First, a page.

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Are We Proud To Be Americans (Slaughterhouse Blues)?

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Message Franklin L. Johnson
The rabid right-wing media lambasted Michelle Obama for saying these words at a rally for her husband: "For the first time in my adult life, I am proud of my country." Despite all the political hysterics about her alleged treasonous comment, Mrs. Obama's statement raises an important question: Do Americans have reason to be proud of our country? Actually, our historic record over the last 30 years paints a very sad portrait.

As the sportscaster, Chris Berman, would say: "Let's go to the videotape."

Ronald Reagan ordered PATCO air traffic controllers back to work, invoking the Taft-Hartley Act, which banned unfair labor practices. They were striking for better working conditions, newer equipment and a shorter work week. In spite of these reasonable demands, Reagan fired the workers on August 5, 1981. He quietly conspired with his Transportation secretary, Drew Lewis, to train replacement workers in order to crush the PATCO labor union. This was a classic case of bargaining in bad faith.

On October 23, 1983, a truck bomb blew up the Marine barracks of our Beirut peace keeping force, killing 241 soldiers. Reagan promptly withdrew the remaining forces. Two days later, in order to avoid being labeled a cut-and-runner, he invaded Grenada, the smallest nation in the Americas, on trumped up charges. In fact, the island was going through significant political instability at the time. The US cited the building of a long airstrip and the alleged danger to the lives of about a thousand American medical students as reasons to invade. Subsequently, Reagan got his war win, while fomenting the righteous indignation of the entire global community. During the 1980s, Reagan armed and funded rebel groups in several Central American nations. This was a morbid attempt to rid the area of communist governments and their socialist sympathizers. Massive numbers of innocent and unarmed civilians were murdered for little practical political advantage.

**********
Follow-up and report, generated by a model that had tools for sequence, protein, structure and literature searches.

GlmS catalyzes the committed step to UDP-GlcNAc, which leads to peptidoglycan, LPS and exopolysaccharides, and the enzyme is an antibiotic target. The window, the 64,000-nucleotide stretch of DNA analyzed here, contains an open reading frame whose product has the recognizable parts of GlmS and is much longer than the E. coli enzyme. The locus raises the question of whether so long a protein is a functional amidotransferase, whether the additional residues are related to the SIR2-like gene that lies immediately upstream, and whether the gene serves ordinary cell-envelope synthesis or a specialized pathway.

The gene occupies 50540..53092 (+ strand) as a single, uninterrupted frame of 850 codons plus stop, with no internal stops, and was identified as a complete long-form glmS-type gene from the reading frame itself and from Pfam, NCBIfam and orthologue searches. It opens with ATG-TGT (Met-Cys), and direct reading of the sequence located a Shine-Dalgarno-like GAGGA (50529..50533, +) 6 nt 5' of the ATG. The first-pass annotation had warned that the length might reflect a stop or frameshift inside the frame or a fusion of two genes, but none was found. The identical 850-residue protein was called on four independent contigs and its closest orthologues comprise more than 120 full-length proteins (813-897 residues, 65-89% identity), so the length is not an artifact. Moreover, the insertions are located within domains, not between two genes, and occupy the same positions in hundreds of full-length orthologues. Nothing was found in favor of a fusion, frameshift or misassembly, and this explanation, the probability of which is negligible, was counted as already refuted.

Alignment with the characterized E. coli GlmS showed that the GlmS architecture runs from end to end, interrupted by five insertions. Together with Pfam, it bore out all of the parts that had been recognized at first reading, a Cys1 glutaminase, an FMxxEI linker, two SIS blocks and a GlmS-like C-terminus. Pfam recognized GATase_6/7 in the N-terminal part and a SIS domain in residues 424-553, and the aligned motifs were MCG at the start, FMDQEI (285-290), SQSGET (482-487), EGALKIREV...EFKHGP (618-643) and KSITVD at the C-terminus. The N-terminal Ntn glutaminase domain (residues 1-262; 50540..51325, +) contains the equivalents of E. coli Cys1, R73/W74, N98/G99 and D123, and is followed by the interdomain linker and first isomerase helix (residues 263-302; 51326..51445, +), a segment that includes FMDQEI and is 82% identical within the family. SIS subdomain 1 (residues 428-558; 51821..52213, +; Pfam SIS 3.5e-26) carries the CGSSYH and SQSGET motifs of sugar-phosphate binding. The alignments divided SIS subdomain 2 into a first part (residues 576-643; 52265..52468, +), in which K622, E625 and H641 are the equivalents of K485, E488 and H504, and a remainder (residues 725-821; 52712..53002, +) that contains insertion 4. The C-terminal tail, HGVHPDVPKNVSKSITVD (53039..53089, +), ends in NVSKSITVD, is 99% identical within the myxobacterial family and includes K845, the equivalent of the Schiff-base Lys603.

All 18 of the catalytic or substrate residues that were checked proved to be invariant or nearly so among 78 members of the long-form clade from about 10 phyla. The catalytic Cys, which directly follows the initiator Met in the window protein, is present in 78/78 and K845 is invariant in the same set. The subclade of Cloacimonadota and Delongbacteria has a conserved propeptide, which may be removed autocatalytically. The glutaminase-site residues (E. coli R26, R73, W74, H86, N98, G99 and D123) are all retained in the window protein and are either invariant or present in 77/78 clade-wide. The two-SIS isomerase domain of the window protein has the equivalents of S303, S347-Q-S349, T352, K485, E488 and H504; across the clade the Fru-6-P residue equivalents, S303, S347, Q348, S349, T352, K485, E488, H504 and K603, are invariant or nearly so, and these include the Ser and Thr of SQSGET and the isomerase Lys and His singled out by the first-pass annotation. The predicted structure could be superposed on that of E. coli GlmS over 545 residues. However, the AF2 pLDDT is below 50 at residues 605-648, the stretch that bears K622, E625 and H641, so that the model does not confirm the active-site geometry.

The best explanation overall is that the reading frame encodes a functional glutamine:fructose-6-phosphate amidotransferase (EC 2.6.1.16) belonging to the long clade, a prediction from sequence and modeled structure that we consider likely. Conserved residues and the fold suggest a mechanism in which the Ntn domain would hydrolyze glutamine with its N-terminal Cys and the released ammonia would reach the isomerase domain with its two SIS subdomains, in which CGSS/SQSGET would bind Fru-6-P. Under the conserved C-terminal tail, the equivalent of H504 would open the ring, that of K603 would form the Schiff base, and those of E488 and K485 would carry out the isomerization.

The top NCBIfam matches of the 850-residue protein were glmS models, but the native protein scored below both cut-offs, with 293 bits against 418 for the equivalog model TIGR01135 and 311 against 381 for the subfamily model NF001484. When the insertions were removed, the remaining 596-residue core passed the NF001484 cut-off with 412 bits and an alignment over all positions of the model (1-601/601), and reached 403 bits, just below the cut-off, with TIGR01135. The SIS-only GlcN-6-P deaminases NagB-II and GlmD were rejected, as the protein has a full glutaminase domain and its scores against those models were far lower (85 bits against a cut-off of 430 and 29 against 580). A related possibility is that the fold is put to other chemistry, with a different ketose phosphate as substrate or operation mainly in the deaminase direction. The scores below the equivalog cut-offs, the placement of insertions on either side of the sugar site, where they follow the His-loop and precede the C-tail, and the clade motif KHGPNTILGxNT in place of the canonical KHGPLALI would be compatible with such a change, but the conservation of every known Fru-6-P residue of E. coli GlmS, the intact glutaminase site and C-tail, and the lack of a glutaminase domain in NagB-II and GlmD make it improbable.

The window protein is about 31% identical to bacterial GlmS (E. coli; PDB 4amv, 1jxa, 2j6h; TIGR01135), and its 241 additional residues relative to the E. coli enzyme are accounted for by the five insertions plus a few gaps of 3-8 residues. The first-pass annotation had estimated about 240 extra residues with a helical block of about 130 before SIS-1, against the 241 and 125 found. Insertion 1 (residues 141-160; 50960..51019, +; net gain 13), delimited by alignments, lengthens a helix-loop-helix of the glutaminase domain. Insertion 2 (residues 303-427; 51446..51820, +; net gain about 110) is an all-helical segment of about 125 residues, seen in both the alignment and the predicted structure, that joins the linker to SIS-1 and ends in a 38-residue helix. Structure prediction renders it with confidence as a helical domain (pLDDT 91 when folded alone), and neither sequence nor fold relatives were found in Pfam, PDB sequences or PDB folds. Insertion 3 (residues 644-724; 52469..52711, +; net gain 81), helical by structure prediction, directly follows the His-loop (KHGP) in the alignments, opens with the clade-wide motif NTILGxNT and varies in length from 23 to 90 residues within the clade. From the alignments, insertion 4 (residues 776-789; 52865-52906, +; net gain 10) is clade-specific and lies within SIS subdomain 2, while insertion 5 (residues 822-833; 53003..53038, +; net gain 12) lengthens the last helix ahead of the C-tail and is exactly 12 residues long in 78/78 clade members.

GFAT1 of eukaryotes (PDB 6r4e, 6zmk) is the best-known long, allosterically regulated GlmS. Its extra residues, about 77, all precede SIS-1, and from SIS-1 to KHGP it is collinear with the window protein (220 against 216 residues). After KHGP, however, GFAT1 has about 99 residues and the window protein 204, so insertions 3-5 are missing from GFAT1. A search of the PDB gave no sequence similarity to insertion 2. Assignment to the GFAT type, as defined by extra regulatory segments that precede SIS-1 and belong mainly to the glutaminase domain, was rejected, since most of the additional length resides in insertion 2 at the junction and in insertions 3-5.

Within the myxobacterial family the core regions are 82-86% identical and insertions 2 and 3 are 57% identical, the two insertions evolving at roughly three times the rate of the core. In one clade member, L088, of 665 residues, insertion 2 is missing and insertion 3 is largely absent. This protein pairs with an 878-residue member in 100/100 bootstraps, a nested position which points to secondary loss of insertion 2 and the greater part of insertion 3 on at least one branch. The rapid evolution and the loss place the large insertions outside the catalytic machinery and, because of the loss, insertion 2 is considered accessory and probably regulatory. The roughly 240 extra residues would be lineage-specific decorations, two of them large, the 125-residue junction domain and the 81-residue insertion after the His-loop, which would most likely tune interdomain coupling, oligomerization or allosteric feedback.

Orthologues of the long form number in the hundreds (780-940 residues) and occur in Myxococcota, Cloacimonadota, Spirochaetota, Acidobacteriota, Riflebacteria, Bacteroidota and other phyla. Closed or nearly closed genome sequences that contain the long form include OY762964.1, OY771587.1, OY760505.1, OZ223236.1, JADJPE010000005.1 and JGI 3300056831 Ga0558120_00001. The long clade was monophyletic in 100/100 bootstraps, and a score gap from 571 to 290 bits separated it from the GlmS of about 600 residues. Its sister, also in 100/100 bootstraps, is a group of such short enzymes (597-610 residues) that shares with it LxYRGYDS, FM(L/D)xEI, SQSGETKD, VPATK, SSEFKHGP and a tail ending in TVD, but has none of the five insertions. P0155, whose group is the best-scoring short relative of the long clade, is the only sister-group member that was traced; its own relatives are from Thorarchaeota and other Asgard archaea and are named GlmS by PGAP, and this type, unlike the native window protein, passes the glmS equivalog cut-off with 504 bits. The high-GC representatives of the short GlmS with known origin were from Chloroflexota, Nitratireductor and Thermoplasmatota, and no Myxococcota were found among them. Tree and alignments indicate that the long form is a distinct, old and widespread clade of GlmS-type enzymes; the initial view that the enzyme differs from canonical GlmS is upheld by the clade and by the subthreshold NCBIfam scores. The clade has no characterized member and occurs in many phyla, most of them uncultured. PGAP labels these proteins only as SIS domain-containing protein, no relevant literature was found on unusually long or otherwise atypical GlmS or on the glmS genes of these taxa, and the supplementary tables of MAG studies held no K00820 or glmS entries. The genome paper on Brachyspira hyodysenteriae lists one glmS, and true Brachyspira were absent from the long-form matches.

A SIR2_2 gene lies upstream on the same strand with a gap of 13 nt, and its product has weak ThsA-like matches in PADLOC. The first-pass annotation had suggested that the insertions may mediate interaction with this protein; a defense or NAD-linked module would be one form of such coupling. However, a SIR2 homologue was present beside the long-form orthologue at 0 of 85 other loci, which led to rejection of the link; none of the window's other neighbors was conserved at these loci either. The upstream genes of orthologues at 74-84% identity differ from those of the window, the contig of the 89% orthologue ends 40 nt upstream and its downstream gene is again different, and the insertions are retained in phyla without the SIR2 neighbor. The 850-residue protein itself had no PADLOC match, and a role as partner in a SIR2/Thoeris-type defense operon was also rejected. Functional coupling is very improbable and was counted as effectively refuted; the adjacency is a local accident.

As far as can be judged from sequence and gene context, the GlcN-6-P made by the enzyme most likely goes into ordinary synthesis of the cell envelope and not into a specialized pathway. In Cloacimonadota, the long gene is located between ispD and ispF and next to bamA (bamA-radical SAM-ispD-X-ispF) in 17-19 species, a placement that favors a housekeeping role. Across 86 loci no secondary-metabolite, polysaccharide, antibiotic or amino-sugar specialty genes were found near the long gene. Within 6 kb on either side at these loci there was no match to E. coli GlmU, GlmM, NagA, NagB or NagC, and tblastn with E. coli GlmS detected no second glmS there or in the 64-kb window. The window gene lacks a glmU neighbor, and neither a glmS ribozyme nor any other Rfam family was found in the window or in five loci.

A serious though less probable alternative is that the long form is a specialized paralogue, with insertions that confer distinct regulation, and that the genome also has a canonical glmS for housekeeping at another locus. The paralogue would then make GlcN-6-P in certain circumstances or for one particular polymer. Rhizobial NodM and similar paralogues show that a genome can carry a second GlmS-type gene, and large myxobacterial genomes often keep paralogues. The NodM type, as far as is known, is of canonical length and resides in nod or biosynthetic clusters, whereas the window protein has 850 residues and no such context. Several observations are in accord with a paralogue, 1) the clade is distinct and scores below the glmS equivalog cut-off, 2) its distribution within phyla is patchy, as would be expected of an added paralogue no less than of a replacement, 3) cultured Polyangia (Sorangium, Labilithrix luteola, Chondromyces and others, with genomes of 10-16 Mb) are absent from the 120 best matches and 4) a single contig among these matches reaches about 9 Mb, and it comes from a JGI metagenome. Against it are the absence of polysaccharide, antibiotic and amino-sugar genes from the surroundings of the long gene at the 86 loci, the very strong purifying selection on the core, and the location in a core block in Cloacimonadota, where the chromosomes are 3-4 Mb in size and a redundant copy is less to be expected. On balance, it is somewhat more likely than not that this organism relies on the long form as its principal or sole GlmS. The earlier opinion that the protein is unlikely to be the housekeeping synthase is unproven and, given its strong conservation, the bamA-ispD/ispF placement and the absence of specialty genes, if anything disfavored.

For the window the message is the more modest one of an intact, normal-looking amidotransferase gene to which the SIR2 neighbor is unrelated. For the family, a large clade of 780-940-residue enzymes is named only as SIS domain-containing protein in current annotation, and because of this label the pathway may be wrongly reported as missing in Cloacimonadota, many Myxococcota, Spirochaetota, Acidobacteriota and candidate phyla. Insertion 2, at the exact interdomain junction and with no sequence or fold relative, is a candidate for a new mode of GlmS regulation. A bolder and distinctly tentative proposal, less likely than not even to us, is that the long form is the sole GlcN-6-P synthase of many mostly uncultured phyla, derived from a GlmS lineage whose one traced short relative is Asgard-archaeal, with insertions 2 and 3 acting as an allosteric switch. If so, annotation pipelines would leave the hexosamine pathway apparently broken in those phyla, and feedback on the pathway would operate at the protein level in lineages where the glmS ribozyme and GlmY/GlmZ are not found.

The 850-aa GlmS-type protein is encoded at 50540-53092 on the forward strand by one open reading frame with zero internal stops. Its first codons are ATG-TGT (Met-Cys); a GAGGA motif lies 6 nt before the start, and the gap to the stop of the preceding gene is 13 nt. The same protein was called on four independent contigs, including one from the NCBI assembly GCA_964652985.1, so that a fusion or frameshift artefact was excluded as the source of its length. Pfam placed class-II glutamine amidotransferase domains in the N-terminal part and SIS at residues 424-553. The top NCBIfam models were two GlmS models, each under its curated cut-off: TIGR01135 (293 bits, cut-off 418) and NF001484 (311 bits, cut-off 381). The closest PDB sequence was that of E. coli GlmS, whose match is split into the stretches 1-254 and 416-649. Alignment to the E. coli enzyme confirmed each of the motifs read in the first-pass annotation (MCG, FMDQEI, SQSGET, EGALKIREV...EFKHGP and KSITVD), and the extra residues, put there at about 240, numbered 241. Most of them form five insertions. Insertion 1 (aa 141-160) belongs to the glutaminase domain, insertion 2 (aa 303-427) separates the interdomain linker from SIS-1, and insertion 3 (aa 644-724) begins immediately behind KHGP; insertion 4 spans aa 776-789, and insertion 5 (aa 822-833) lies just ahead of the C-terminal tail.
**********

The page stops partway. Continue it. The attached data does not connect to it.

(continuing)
George "Poppy" Bush launched his "Operation Just Cause" invasion of Panama on December 20, 1989. Bush took a hard line against Manual Noriega after the media labeled him a "wimp" in foreign policy matters. Using allegations of drug trafficking and money laundering, Bush sought to bolster his presidential bona fides by waging war against Panama. More than 3,000 innocent Panamanians were killed during the bombing. You could say he invaded Panama "Just Cause" he could get away with it.